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Expert Financial Analysis and Reporting

Repligen: More Detailed Analysis on GE Decision to Manufacture Protein A


GE Healthcare, announced plans to launch a new chromatography resin in the first half of 2018 which will not use Repligen as the manufacturer of the associated protein A ligand. This news led to a 14% decrease in stock price from $43.22 at the close on September 25 to a closing price of $36.98 on September 26. Repligen currently accounts for over 95% of worldwide protein A sales and is the virtual sole supplier to GE.

Protein A as an integral component of the resin used in the first capture column in chromatography, which is typically a three column process used to separate a drug product from manufacturing impurities. Purity of over 95% is achieved with Protein A resins. Other lower cost resins (such as ion exchangers) are used in the next polishing steps to achieve complete purity. Protein A resins are the gold standard for purification of monoclonal antibody-based (mAbs) therapeutics, and virtually all mAbs on the market and in development today are purified using Protein A media.

The new GE resin provides higher capacity which enhances purification, but with a tradeoff in flow rate. Repligen views it as a niche product that will not displace existing resins being used for the >70 monoclonal antibodies currently marketed or the >300 in clinical development. The Protein A ligand used in the new resin will be manufactured by GE and/or a third party CMO. This move is in part a business continuity decision by GE to have more than one supplier of Protein A. Prior to 2011, the Swedish company Novozymes Biopharma was the second source supplier to GE, but Repligen acquired Novozymes Biopharma in 2011, making Repligen the sole supplier.

GE says that it is making a $70 million per year investment over the next 5 years in manufacturing capacity which suggests that it will be able to make large amounts of chromatography resins, including Protein A resins. In thinking about how this may affect Repligen there are several important things to keep in mind.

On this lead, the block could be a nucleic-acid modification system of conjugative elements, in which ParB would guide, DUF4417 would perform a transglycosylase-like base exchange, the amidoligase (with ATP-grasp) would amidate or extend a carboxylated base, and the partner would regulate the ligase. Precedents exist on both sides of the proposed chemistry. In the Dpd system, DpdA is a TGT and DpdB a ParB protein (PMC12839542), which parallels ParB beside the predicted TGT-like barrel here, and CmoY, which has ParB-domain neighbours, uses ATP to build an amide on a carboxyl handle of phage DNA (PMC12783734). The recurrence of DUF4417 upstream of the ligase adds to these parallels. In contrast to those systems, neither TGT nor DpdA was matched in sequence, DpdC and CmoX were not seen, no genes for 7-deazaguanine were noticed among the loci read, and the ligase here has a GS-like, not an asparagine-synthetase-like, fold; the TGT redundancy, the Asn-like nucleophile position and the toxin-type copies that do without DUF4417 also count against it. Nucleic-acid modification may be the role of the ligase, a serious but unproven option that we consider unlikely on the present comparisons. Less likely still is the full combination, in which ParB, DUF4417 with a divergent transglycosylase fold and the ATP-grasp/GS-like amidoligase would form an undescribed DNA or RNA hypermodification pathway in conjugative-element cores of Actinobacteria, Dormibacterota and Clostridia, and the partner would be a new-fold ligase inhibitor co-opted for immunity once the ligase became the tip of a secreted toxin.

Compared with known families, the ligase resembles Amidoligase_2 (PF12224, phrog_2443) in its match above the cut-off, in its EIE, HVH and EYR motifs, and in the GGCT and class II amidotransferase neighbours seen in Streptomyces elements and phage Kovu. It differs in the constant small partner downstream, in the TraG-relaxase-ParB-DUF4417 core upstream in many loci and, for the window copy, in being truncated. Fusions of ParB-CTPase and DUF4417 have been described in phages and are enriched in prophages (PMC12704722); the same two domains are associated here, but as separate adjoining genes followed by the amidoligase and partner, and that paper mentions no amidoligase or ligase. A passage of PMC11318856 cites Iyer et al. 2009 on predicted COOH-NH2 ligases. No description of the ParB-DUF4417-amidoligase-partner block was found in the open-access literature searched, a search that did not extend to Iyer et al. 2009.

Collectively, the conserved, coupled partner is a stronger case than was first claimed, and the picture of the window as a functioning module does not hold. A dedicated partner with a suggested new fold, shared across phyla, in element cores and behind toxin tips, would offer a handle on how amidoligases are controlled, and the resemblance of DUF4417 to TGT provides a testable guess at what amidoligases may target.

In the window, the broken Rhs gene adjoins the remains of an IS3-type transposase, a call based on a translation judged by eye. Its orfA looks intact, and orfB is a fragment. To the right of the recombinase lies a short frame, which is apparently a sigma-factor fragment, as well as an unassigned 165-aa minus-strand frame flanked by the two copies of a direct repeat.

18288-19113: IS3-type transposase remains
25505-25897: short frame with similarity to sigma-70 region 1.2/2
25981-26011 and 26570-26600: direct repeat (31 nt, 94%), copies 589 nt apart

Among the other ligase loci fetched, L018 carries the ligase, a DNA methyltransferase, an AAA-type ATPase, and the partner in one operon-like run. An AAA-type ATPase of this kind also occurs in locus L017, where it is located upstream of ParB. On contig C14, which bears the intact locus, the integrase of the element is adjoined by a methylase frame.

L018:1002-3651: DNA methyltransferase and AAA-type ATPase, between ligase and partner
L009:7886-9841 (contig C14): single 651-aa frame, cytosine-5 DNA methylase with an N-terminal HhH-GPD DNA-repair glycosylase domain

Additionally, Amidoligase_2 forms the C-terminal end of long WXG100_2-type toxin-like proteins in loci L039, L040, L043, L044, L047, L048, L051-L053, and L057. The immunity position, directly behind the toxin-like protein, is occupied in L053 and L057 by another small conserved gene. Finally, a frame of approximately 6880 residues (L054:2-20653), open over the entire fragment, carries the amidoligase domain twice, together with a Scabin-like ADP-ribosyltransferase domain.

• Even slight changes in the manufacturing process have the potential to cause significant changes in the final drug product. Hence, it is not a simple matter to switch production of Protein A to a new manufacturer, as it requires a technology transfer and end customer validation process; it could take one to two years to get regulatory approval and certification from the drug manufacturer.
  • GE says that this is part of a dual supplier strategy; Protein A is too critical to their resins business to take a single supplier risk.
  • It also likely reflects expectations by GE that there will be explosive growth in monoclonal antibodies market and with that demand for Protein A ligands. It no doubt wants to assure that there will be adequate supply.

Putting This in Perspective for Repligen

In 2016, I estimate that Repligen’s Protein A sales were about $40 million with GE accounting for approximately $30 million and Merck Millipore roughly $10 million. The historical growth rate for sales of protein A has been about 8% to 9% per year and if that holds in the future, sales of RGEN’s Protein A in 2019 are likely to be about $47 million. Following the recent acquisition of Spectrum, I am estimating that Repligen’s total sales in 2019 will be about $195 million so that Protein A sales will be about 21% of total sales and with sales of Protein A to GE accounting for 15% of corporate sales and Merck Millipore 6%.